Tim Thomas, one of only two Americans who played on last season's National Hockey League champion Boston Bruins, did not attend a White House ceremony on Monday honouring the team's achievement.
Goaltender Thomas is believed to have snubbed the ceremony with US President Barack Obama, a Democrat, because Thomas is a Republican, the political rivals of Obama, and fan of a conservative talk show host who is an Obama critic.
"We're like a family. We have our issues,'' Bruins general manager Peter Chiarelli told the Boston Globe. "You deal with them, move on, and try and support everyone.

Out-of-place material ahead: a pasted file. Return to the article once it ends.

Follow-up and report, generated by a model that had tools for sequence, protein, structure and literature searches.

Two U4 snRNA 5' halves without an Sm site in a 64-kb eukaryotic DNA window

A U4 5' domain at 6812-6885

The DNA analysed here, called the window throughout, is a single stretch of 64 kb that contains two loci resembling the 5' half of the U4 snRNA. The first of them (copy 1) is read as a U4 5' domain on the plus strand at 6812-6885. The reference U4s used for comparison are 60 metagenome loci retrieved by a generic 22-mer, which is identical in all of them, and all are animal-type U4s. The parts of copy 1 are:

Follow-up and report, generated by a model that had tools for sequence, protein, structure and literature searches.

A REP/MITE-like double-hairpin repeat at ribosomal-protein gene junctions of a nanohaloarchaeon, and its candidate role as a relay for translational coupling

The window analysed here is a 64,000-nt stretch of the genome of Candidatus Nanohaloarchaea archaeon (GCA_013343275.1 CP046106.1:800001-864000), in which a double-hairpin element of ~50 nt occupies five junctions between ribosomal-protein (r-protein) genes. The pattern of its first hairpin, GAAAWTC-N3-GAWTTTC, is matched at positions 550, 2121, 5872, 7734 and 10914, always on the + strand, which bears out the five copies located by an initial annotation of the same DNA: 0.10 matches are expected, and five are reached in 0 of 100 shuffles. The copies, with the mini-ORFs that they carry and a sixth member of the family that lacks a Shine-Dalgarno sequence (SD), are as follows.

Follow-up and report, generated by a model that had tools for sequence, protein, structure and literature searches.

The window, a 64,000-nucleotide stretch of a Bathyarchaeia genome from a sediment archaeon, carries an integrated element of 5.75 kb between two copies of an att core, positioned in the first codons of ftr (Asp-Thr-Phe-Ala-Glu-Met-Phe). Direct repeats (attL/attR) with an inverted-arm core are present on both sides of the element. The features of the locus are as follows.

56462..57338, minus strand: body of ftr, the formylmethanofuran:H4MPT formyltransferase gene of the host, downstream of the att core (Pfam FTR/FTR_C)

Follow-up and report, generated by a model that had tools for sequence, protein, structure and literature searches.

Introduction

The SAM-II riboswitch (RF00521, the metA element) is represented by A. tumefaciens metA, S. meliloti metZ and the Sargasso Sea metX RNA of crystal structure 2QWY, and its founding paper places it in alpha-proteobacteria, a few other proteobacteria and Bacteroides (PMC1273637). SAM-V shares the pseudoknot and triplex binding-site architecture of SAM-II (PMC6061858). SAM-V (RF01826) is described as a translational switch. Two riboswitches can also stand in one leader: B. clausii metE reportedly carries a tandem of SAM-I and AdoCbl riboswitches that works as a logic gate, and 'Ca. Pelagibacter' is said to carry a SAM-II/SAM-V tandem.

"I can require someone to attend a team event. If they don't, I can suspend him. I'm not suspending Tim. Whatever his position is, it isn't reflective of the Boston Bruins nor my own. But I'm not suspending him.''
Thomas broke the NHL single-season save percentage record last season in leading the Bruins to their first Stanley Cup in 39 years, winning the Conn Smythe Trophy as the NHL playoff Most Valuable Player in the process.
Thomas, 36, went 16-9 in the playoffs with a 1.98 goals-against average.
The Bruins defeated Vancouver four games to three in the best-of-seven final.
Bruins team president Cam Neely said Thomas made his own choice and his teammates made their own choice to attend.
"Everybody has their own opinions and political beliefs and he chose not to join us,'' Neely told ESPN. "We certainly would have liked to have him come and join us but that's his choice.''